Wednesday, March 19, 2008

Some useful ideas about Science or Discovery 2.0

Scientific American has begun a discussion of Science 2.0 (I have referred to this as "Discovery 2.0."). Interesting they not only posted a discussion of ideas about open science and laboratories, but they the article itself is posted prior to publication with the invitation to readers to provide comments and feedback.

The article doesn't provide a provide a definition of Science 2.0, but roughly the suggestion is that scientists will begin to do their work with open data, lab notes, results, etc. in ways that allows for this work to be viewed and commented on by others.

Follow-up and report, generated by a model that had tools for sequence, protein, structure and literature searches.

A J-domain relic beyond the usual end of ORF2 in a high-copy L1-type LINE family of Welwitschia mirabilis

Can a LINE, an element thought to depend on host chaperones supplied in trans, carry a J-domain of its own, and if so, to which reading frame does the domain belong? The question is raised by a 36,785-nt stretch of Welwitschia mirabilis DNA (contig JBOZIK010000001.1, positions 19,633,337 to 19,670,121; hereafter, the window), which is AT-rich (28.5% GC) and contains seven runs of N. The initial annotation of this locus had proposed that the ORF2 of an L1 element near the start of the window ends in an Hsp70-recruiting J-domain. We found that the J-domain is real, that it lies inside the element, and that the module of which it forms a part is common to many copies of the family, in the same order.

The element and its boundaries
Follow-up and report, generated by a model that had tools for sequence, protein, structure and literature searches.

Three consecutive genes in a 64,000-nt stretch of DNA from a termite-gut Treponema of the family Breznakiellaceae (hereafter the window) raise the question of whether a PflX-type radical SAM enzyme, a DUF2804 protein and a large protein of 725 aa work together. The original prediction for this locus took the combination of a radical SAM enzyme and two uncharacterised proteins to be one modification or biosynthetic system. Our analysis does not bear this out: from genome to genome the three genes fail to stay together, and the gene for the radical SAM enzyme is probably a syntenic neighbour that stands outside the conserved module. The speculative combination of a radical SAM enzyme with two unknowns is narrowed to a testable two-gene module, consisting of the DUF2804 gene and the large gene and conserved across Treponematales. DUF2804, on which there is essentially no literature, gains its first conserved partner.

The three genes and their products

The most discussed example is MIT's OpenWetWare, which is a wiki designed for biologists to open their laboratories to others and share information.

There are a lot of issues to work through, but this quote sums up my feelings about this effort:

"the real significance of Web technologies is their potential to move researchers away from an obsessive focus on priority and publication, toward the kind of openness and community that were supposed to be the hallmark of science in the first place."

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